June 30 2010
Children living in the poorest parts of the West Bank face significantly worse conditions than their counterparts in Gaza, a study conducted by an international youth charity has found.
The report by Save the Children UK, due to be released on Wednesday, says that families forced from their homes in the West Bank are suffering the effects of grinding poverty, often lacking food, medicine and humanitarian assistance.
The European Commission funded study found that in “Area C”- the 60 per cent of the West Bank under direct Israeli control – the poorest sections of society are suffering disproportionately because basic infrastructure is not being repaired due to Israel’s refusal to approve the work.
Homes, schools, drainage systems and roads are in urgent need of repair, but instead of work being allowed, families are being forced to live in tents and do not have access to clean water.
Restrictions on the use of land for agriculture have left thousands of Palestinian children without enough food and many are becoming ill as a result, the study found.
Conditions in Area C have reached “crisis point”, the charity said, with 79 per cent of the communities surveyed lacking sufficient food – a greater proportion than in blockaded Gaza, where the figure is 61 per cent.
The lack of proper nutrition is having a major impact on the health of children growing up in the area, with 44 per cent of those surveyed for the study suffering from diarrhoea, the world’s biggest killer of children under the age of five.
Many children living in such communities are showing signs of stunted growth, with the figure running at more than double Gaza’s rate, and more than one in ten children surveyed for the study were found to be underweight.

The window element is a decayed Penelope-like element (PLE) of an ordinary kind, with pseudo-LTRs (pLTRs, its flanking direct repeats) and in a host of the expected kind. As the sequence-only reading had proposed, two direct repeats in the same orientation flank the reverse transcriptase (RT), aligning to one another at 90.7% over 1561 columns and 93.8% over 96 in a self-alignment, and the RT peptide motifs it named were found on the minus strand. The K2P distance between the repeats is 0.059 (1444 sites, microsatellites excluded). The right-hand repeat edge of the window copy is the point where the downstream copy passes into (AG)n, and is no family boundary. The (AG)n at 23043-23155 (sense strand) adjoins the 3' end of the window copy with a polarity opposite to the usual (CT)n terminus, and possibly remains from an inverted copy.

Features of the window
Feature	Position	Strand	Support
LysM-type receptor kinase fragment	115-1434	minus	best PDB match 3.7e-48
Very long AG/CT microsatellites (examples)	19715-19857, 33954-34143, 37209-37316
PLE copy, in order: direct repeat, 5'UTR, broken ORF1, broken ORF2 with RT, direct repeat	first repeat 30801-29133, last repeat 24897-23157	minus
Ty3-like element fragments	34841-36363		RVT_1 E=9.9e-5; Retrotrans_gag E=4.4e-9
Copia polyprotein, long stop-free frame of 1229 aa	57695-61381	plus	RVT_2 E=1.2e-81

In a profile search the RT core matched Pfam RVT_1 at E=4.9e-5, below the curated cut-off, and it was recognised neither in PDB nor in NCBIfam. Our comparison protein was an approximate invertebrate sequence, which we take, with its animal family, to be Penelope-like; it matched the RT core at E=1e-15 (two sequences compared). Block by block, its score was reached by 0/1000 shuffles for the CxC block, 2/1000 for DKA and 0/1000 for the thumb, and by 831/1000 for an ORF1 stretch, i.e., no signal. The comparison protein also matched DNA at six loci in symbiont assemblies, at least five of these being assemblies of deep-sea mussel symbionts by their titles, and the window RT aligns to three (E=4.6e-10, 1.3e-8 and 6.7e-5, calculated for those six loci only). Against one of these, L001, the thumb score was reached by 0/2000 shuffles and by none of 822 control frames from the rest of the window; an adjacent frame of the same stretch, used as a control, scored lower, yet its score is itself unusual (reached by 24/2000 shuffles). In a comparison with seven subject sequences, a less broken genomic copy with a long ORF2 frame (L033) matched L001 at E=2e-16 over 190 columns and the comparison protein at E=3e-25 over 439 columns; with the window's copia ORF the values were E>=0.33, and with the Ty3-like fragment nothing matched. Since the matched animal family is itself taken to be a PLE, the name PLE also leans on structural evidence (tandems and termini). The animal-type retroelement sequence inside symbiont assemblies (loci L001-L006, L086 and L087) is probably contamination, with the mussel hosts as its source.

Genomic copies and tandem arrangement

The report says that for many Palestinians, international humanitarian assistance is far harder to access in the West Bank than in Gaza, with almost half the households surveyed in Area C reporting that they had no access to foreign aid assistance.
Save the Children warned that with the blockade of Gaza dominating headlines in recent months, the international community risked forgetting the fate of the poorest communities in the West Bank.
“The international community has rightly focused its attention on the suffering of families in Gaza but the plight of children in Area C must not be overlooked,” Salam Kanaan, Save the Children’s director in the occupied Palestinian Territories, said.
“Palestinians in the West Bank are widely thought to enjoy a higher standard of living but tragically many families, particularly in Bedouin and herder communities, actually suffer significantly higher levels of malnutrition and poverty.”
The organisation called for Israel to immediately cease home demolitions and land confiscations in the West Bank and said the Palestinian authority should take “urgent action” to develop services and improve food security in Area C.
“Palestinian children cannot wait for the stalled peace talks between the Palestinian Authority, Israel, and the United States to find solutions to this crisis,” Kanaan said.
Pockets of poverty
Cairo Arafat helped devise the Palestinian Authority’s action plan for children before starting part-time work with Save the Children, and is now a spokesperson for Palestinian Authority. She told Al Jazeera the figures in the report did not reflect the conditions in the West Bank as a whole, but were still a major cause for concern.
“The overall conditions, if you look at health indicators and education indicators, are better than what is normal for the reigion,” she said.
“The problem is we are beginning to see a regression.”
The West Bank had “pockets of poverty,” she said, that left around around 10 per cent of the 240,000 children in the territory at risk of ill-health.
“There are certain parts of the West Bank were the situation is much worse than in Gaza, with a lack of access to water and shelter,” she said.
Arafat said that the Palestinian National Authority (PNA) was attempting to tackle the issue in the face of “excessive” obstruction from the Israeli authorities, particularly in areas near settlements and close to the separation barrier built by the Israeli military.
“The PNA is investing in a number of different programs in Area C and near where the wall is being built to improve the situation,” she said.
“But there are certain areas where the Israelis won’t allow infrastructure to be built.”